A Wisconsin judge allowed Chapter 7 debtors to contribute to retirement savings in the face of a means test challenge claiming savings was an abuse of the bankruptcy system.
Hurray! Another in the small band of those touting savings.
In the Mravik case, the debtor’s Chapter 7 means test, which does not provide for retirement savings as an allowable deduction, said that their case was presumed to be an abuse. The trustee sought dismissal of the case.
No, the judge held. We are not required to dismissed every case that is presumptively abusive.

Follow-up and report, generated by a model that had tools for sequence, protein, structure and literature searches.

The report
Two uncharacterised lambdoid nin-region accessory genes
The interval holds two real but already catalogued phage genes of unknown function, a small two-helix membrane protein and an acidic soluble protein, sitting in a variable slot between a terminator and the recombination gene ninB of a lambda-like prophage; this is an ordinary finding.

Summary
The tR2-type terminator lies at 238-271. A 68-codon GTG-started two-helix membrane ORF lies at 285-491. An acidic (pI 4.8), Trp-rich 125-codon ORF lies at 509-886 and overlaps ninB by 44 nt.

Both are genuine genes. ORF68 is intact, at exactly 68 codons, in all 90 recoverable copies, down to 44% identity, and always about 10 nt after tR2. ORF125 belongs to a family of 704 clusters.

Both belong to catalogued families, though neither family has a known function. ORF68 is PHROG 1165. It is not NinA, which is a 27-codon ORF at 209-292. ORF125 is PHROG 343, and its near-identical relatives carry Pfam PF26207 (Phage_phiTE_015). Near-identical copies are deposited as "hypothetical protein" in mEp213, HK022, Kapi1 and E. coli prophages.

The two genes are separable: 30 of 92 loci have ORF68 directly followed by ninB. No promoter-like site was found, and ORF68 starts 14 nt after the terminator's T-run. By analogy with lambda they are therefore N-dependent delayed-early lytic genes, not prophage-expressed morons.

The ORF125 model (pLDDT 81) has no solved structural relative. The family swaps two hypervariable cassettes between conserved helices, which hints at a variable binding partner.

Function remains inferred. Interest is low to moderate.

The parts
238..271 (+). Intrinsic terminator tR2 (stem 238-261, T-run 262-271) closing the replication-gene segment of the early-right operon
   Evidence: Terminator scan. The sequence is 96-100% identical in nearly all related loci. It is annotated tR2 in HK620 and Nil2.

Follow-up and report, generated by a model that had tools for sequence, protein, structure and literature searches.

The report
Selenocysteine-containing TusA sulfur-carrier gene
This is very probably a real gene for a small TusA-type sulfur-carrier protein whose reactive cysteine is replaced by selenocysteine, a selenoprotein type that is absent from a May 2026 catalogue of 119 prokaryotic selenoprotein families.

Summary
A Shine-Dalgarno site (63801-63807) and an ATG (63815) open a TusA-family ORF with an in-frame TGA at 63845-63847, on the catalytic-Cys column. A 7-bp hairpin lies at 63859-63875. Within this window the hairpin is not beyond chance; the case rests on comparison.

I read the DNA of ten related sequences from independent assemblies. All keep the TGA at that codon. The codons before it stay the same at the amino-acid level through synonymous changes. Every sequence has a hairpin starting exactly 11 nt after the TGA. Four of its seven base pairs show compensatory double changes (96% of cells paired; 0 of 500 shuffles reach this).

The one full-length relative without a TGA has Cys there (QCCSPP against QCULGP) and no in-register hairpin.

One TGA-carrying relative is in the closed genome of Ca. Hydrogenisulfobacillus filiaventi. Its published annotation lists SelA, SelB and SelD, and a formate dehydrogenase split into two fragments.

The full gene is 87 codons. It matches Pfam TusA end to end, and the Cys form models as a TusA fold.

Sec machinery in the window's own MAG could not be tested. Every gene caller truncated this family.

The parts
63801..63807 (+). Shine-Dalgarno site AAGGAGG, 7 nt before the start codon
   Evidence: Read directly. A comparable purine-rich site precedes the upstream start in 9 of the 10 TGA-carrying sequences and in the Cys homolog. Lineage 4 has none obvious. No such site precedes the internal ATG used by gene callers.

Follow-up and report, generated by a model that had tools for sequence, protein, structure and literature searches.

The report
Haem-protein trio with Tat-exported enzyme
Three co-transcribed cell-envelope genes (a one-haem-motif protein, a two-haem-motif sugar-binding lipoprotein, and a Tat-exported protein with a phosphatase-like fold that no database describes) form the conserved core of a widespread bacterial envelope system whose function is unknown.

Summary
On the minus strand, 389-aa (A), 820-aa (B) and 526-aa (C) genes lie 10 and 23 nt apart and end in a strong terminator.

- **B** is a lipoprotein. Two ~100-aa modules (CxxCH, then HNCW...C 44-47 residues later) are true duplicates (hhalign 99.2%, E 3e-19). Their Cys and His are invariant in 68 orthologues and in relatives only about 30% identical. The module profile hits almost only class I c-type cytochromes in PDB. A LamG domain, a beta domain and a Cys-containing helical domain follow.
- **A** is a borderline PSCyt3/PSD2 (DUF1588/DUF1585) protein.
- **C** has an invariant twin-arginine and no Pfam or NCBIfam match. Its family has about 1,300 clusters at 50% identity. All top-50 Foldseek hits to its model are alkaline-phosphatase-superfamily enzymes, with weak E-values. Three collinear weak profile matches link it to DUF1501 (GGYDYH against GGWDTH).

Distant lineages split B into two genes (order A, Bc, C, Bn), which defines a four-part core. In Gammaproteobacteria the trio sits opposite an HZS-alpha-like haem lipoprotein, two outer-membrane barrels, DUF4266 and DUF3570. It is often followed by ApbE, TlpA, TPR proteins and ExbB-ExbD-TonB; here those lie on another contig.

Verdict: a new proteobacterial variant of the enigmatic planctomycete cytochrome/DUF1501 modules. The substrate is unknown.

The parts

Congress indicated its support for retirement savings by making them an allowable expense in Chapter 13, he went on. [Someone should tell me why the expense isn’t allowable in Chapter 7, but then, I know how BAPCPA was drafted and by whom.]
In the bankruptcy world before the means test, debtors were expected to pay to creditors in a Chapter 13 every penny over their budgeted expenses. I railed at that on the grounds that 1) life isn’t like that; the unexpected does happen; and 2) the Chapter 13 experience should be building good habits for life after bankruptcy. Spending every penny that comes in the door is not the path to financial rehabilitation.
So, I’m exceedingly pleased to see the tide turning, even a small bit, here.
Image courtesy of SeniorLiving.org